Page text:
HONOLULU – While Chinese mass media tend to focus on negative images of Japan, social media have begun to provide more diversified perspectives since the 3/11 Great Tohoku Earthquake. Social media have allowed Chinese to get to know Japan in a more comprehensive manner.
Micro-blogging has created new possibilities to enhance Chinese understanding of Japan and improve impressions of that country.
Traditionally, Chinese people received negative information filtered by the Chinese Communist Party (CCP), ranging from anti-Japanese dramas based on World War II textbooks emphasizing the Japanese invasions to hawkish news reports about territorial disputes.
Not surprisingly, anti-Japanese sentiment often bubbled to the surface after incidents involving Japan, such as when protests erupted after a Chinese fishing boat collided with Japanese Coast Guard vessels in September 2010.
This incident pushed up the number of Chinese who have negative views of Japan from 55.9 percent in 2010 to 65.9 percent a year later, according to a joint opinion poll by the China Daily and the Genron nonprofit organization, a Japanese think tank based in Tokyo. This data paints a dark impression of current Sino-Japan relations. At the same time, the number of Chinese students and professors who have a negative image went down from 34.0 percent last year to 32.2 percent, mainly due to the Internet.
Social media is a major tool for younger Chinese to interact, get information and shape their views instantly — all far from the tight censorship of the CCP. The Chinese micro-blogging service, Weibo (Chinese equivalent of Twitter), has more than 200 million registered users. Japan is always one of the most popular topics — not only because of historical and territorial issues but also because of its advanced technology and economy.
Still, 80 percent of Chinese postings on the Internet were anti-Japanese before the 3/11 earthquake. On the other hand, 90 percent of Internet postings are now more pro-Japanese, says Kiyoyuki Seguchi, a research fellow at the Canon Institute for Global Studies, a Tokyo-based think tank.
Seguchi attributes the change to extensive coverage by Chinese TV programs of the earthquake. China Central Television (CCTV), a major state TV broadcaster in China, reported on the earthquake almost 24/7 for one week after March 11. Chinese audiences were impressed by the stoicism and high morale of the Japanese during the difficult times.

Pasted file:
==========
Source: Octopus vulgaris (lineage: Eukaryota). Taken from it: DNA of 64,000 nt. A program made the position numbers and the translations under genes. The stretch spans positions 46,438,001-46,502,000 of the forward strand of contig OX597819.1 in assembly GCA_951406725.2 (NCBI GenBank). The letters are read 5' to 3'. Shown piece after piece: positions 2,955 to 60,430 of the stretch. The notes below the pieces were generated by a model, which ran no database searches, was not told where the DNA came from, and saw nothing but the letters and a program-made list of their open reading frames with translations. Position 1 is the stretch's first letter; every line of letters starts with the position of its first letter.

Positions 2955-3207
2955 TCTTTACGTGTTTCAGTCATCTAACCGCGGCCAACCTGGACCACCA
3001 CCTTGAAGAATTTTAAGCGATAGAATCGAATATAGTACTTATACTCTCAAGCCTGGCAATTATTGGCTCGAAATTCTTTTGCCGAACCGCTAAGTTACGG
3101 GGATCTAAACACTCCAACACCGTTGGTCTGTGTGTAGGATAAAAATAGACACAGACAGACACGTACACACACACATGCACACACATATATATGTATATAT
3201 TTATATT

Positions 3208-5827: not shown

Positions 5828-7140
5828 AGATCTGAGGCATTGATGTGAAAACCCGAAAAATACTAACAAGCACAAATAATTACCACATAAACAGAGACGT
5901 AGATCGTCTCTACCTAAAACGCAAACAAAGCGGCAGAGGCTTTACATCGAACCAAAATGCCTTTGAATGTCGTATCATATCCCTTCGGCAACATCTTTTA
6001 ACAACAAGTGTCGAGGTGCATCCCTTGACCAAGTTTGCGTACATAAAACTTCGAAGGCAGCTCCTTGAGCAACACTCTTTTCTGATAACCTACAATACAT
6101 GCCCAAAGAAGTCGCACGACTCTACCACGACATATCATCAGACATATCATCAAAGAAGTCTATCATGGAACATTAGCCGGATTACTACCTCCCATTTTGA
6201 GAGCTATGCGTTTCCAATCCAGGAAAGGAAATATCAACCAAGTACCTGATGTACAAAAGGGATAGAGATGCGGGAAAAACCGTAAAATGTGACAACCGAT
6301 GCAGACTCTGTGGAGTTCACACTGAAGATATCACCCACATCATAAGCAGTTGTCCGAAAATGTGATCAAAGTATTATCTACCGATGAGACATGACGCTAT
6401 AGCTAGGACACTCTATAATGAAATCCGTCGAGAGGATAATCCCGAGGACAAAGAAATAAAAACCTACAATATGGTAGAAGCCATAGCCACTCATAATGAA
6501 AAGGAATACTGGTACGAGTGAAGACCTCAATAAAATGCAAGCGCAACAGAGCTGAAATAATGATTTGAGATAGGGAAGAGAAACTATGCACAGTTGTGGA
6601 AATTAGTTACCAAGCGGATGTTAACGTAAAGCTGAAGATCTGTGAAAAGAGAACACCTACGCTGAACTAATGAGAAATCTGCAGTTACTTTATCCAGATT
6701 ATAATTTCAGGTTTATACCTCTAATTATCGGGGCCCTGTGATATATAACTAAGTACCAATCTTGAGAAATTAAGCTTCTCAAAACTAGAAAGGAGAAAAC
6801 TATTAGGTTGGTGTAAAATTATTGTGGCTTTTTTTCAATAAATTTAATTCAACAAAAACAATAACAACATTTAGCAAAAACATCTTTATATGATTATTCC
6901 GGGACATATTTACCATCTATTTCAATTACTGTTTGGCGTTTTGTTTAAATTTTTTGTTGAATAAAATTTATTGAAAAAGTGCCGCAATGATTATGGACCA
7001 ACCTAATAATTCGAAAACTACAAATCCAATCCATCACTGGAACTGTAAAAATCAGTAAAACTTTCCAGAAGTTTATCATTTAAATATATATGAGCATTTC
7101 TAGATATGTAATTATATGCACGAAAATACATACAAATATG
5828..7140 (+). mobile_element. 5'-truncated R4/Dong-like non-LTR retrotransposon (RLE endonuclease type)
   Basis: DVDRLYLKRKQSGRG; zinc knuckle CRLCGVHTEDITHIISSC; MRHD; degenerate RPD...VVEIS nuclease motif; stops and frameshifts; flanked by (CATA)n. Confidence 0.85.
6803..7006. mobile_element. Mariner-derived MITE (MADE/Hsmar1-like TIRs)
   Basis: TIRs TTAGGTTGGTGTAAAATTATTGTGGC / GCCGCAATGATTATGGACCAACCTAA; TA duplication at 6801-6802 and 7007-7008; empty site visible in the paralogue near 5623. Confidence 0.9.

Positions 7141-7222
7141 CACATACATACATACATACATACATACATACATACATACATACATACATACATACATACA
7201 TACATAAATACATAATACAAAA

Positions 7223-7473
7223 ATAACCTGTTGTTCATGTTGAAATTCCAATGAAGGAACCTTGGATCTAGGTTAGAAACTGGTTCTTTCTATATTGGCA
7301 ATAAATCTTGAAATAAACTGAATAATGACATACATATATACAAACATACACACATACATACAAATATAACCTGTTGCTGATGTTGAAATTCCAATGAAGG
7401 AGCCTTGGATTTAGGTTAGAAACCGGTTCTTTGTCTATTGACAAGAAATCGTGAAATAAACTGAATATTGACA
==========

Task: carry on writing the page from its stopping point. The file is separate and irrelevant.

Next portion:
Nevertheless, 80 percent of the general public relies on TV for information sources on Japan, according to the joint Japan-China opinion poll, and the public has more negative views of Japan since the quake, due mainly to the territorial disputes caused by the fishing boat incident.
It indicates that the traditional mass media was not powerful enough to turn the sympathy to override the unfavorable impression of the territorial dispute. In contrast, social media was able to diversify the perceptions of younger Chinese, who received nationalistic education. It played two significant roles after the earthquake.
First, social media served as a swift aggregator and provider of diversified grassroot news about ordinary Japanese. Many micro-bloggers posted photos with news summaries.
For example, micro-blogs widely circulated a story about how Japanese remained calm after the earthquake and quietly waited in train stations without rioting. This story was tweeted over 70,000 times. Traditional media does not have such strong circulation power.
Second, social media sparked online discussions based on a wide variety of information and made netizens analyze Japan more comprehensively than ever before. Exchanges of opinions made some of them realize how their previous views of Japan were skewed. The 3/11 disaster created opportunities for people to see Japan through something other than the prism of historical and territorial issues.
It was quite unusual that a majority of Chinese bloggers criticized those who taunted Japan after this disaster. Even though some described what they saw as well-deserved “karma” in the face of Japanese atrocities during World War II, most of netizens perceived such malicious comments as disgraceful. Some even commented that they wanted to apologize on behalf of China. This had never happened after previous major quakes.
Of course, this does not mean that younger Chinese have completely changed their views of Japan. There are still tensions caused by historical and territorial issues. Social media can amplify nationalism as seen in the 2005 anti-Japanese protest movements.
Significantly, though, post-3/11 social media trends show that Chinese attitudes toward Japan have become multidimensional rather than monolithic.
Micro-blogs have enabled the voices of ordinary people to be heard and analyzed. Chinese people know more about Japan through online interactions and no longer focus only on the bitter history and territorial issues.
Japanese netizens should contribute to this positive development by sharing information and insights on themselves and their country. Social media will help them spread their words, even if there can be some harsh backlashes.
Such grassroots-level interactions would be the first step forward toward truly improving the bilateral relationship in the long run.
In a time of both misinformation and too much information, quality journalism is more crucial than ever.
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